Latest Blog Posts
Noah Ginsberg 10/31/13
Safety is arguably the most important thing when you are driving on the road. So it wouldn’t be a surprise that safety-conscious drivers would want their car to a have top crash-score rating – preferably a 5-star safety rating. And you surely do not want your car to simultaneously burst into flames, unless you are a Boston Red Sox fan rioting after your team wins the World Series. But a recent editorial from the Washington Times pointing to a Tesla Model S fire on October 3rd makes it seem that Tesla drivers -- or drivers of any type of electric vehicle (EV) are taking huge risks, driving dangerous, killing machines.
By Dan Frakes and Alex Keros 10/28/13
With resounding bipartisan support, the United States finalized the details of a comprehensive energy policy that leverages our nation’s technological prowess to meet our economic, environmental, and social goals. In a broad commitment to accelerate the market development of clean energy and advanced transportation, the United States has finally established a global framework for developing jobs, ensuring national security, and meeting the needs and health of future generations. What a momentous occasion!
Wake up, Dan! Wake up, Alex!
Noah Ginsberg 10/24/13
Yesterday the Information Technology & Innovation Foundation (ITIF) released a new study titled “Challenging the Clean Energy Deployment Consensus” and hosted a discussion on the topic. The study and panelists rightfully support more investment in energy innovation, but claim that proponents of renewable energy deployment policies, which they call “The Deployment Consensus,” are missing the boat on how to create competitive energy markets and combat global climate change.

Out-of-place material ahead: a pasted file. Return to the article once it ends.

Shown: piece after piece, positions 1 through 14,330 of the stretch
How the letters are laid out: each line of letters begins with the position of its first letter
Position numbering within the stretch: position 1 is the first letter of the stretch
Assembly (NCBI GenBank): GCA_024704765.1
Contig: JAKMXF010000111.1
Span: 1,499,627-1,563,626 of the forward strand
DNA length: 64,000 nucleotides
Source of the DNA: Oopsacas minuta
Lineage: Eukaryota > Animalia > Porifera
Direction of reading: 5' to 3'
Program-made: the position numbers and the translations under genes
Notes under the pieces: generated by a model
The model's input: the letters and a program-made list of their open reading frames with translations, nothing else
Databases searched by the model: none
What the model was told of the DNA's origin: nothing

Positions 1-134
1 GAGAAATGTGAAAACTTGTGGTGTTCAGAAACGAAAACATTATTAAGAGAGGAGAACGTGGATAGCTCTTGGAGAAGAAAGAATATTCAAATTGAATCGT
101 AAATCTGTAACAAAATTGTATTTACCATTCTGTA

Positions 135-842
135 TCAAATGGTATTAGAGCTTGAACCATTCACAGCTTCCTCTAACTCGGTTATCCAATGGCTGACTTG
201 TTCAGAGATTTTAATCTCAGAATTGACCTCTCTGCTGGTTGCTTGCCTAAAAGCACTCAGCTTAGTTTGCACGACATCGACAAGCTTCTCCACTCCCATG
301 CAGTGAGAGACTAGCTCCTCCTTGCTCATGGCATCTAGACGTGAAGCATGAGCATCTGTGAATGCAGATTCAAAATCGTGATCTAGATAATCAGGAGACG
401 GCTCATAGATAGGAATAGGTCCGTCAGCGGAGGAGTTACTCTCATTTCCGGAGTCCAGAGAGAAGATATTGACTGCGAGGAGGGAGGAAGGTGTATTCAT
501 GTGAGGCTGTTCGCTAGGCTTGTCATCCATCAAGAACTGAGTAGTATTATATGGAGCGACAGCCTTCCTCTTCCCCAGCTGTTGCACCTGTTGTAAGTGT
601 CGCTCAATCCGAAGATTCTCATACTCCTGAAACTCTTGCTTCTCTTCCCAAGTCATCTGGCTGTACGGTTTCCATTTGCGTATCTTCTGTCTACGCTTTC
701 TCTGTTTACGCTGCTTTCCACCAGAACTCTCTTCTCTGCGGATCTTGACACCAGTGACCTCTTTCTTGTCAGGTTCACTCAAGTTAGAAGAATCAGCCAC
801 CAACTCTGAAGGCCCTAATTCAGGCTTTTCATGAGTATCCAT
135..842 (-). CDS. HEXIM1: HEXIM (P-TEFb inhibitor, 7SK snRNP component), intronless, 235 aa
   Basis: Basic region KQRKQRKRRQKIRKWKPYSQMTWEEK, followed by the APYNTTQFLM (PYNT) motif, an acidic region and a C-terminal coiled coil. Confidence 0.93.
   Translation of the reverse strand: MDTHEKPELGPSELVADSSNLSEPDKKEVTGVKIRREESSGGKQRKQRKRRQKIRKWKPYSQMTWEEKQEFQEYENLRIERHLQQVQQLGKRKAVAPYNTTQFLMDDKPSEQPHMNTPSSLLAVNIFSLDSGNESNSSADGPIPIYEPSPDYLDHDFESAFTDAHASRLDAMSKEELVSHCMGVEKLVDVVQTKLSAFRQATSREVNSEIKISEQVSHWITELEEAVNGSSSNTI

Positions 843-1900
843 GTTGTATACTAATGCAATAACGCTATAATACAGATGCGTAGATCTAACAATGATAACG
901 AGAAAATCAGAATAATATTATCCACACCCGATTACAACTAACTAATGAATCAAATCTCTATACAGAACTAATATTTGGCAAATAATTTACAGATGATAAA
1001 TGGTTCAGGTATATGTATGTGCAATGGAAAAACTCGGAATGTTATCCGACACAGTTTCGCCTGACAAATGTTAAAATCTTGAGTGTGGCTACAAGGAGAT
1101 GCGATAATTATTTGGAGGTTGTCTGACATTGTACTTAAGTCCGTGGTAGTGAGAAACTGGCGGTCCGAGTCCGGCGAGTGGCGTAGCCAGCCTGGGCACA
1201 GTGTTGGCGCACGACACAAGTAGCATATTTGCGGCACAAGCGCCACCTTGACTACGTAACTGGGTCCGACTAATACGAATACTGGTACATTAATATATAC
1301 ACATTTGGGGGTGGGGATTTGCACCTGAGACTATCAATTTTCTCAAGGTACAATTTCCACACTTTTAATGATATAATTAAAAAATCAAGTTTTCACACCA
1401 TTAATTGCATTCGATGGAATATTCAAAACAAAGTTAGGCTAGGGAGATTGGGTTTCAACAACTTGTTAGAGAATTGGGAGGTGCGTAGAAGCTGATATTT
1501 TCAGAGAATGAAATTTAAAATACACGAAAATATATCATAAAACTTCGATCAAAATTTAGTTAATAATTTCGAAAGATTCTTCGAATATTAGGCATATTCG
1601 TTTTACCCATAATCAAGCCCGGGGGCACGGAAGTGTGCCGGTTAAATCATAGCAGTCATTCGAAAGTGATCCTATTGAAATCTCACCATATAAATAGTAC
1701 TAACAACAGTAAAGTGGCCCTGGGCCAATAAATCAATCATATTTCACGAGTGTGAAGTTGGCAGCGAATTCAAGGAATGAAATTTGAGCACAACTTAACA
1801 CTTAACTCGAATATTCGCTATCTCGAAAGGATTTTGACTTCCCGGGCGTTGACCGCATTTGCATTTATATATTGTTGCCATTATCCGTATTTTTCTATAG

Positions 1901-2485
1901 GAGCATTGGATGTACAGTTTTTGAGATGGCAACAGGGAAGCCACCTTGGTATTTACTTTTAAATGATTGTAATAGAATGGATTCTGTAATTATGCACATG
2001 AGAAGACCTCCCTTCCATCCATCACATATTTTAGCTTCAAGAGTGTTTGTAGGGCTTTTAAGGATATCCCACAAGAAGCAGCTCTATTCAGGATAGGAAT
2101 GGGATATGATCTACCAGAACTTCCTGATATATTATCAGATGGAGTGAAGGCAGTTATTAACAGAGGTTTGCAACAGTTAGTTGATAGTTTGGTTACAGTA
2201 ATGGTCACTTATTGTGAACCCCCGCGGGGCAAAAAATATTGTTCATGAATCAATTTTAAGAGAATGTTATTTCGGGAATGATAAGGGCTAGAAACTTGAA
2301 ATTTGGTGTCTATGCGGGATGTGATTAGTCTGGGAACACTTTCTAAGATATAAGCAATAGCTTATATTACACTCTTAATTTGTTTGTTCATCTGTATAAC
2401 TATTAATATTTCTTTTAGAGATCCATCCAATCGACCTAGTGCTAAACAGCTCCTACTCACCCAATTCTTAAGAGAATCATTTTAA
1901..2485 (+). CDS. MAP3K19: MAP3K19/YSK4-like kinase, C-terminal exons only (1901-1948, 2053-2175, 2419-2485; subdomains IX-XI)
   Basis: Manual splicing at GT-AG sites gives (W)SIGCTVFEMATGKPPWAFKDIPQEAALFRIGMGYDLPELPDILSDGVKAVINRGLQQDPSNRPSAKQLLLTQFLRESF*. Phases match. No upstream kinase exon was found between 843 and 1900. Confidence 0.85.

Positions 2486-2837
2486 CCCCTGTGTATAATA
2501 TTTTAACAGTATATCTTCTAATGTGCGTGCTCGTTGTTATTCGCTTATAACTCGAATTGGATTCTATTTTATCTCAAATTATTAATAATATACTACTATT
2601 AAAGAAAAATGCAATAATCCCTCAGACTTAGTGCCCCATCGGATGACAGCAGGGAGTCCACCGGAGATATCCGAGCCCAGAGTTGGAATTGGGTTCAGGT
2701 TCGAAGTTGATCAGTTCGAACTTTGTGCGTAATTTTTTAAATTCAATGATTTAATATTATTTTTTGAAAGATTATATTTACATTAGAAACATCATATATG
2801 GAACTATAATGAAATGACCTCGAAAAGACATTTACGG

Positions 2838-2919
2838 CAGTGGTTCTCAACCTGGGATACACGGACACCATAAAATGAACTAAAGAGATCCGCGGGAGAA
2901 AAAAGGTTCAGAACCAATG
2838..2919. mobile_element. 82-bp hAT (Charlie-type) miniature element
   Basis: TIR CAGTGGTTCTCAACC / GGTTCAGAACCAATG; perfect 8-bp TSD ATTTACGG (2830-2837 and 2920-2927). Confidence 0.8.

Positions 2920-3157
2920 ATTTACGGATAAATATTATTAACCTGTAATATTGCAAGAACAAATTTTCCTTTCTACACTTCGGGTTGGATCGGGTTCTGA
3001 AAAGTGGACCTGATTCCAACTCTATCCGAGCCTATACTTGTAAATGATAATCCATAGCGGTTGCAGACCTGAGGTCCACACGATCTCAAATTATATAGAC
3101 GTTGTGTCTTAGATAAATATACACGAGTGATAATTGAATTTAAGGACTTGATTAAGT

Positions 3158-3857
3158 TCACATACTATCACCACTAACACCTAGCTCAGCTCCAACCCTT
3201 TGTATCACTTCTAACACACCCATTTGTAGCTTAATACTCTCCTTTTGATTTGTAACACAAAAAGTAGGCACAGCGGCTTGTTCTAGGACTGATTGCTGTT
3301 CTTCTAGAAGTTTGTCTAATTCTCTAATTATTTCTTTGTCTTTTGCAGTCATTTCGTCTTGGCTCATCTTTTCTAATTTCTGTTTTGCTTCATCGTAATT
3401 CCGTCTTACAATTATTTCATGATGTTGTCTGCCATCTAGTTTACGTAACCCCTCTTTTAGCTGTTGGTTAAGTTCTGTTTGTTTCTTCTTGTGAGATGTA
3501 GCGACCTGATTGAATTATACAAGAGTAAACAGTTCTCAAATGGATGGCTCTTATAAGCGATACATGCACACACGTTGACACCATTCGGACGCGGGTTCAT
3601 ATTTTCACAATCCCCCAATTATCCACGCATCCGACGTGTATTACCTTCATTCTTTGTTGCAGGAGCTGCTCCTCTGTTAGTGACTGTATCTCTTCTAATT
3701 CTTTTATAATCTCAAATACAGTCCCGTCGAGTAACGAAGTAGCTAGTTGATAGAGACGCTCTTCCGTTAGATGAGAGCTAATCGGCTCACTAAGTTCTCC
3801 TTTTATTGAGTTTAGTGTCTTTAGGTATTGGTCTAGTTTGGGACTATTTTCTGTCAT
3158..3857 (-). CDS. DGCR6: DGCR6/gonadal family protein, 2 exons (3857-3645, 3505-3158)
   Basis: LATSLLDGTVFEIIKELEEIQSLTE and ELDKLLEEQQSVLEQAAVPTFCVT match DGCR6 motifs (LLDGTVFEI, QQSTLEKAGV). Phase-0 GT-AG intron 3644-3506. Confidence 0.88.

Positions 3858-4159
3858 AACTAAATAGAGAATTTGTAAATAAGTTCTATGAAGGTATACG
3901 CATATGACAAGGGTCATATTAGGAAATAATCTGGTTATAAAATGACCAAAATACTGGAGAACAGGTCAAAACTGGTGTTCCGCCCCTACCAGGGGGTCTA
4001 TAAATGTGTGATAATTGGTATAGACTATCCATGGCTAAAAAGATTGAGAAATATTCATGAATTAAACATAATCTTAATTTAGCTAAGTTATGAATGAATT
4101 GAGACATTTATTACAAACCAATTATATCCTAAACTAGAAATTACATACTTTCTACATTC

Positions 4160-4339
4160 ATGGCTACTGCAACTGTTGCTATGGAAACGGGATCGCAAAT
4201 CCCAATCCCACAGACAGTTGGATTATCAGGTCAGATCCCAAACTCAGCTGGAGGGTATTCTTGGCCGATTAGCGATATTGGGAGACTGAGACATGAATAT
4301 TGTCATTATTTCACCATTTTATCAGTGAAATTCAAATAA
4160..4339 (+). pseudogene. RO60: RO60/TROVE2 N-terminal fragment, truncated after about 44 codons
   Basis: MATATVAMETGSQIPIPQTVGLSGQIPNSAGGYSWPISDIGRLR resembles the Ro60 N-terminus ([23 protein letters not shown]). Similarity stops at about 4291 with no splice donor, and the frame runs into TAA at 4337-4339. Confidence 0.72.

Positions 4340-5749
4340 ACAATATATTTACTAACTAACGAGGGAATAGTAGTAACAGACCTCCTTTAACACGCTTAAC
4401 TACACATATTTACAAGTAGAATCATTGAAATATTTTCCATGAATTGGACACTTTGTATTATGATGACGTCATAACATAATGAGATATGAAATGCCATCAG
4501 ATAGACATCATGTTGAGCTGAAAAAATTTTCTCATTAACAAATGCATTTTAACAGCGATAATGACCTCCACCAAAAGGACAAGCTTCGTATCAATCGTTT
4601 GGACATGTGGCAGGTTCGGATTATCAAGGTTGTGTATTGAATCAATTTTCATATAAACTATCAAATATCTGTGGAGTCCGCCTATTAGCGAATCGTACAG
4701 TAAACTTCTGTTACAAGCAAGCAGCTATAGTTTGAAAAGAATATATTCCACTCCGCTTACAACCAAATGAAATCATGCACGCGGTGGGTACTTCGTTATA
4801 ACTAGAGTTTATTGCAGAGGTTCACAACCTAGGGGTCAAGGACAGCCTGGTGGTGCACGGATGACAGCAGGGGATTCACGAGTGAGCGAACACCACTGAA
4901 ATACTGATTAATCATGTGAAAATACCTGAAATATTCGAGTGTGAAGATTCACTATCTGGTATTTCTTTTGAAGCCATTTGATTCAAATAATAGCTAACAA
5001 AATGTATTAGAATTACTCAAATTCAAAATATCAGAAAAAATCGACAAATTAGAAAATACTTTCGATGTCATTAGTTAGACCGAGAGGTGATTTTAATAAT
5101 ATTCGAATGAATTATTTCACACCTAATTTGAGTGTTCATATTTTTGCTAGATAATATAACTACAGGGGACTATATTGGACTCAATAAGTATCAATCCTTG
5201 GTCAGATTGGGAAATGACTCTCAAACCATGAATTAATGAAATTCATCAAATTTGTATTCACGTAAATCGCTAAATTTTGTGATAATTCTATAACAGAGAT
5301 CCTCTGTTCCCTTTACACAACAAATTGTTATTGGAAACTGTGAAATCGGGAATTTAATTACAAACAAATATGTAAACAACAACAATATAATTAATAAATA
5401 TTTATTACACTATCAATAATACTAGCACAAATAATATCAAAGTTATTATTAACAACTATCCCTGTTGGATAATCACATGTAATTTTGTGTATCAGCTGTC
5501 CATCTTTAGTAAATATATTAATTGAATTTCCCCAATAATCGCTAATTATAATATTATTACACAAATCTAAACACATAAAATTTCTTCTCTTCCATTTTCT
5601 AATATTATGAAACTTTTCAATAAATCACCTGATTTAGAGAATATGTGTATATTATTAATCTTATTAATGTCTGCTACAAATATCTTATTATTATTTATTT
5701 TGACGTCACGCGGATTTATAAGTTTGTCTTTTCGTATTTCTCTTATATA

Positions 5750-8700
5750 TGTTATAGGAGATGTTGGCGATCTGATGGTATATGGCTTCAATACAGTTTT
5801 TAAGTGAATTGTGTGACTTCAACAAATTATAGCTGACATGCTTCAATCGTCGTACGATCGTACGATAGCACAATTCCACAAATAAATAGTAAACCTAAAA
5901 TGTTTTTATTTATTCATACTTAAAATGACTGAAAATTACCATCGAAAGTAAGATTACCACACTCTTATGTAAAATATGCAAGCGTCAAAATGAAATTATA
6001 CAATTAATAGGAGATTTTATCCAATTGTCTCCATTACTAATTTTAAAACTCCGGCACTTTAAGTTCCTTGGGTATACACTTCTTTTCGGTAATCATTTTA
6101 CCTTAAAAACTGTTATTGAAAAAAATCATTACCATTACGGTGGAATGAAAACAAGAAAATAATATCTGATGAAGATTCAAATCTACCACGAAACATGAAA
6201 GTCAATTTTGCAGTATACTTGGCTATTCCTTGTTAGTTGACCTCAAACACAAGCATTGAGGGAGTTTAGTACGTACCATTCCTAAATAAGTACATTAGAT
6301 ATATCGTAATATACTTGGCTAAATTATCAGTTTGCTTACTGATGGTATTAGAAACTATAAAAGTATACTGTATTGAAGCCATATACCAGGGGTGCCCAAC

There are many problems with the study and claims several panelists made at yesterday's event. As Alan Nogee, former Director of the Clean Energy Program at Union of Concerned Scientists, points out on Twitter, the “whole premise [of the study] lumps very different studies together…and mischaracterizes scenarios as forecasts and prescriptions.” Here is a list of a few more problems with the study:
- The study dubiously disregards the projected and current price declines of renewable energy due to current market drivers and deployment policies at the federal and state levels. Further, the study fails to shed adequate light on the fact that renewable energy was the fastest growing source of electrical generation capacity last year due to recent and steep price declines.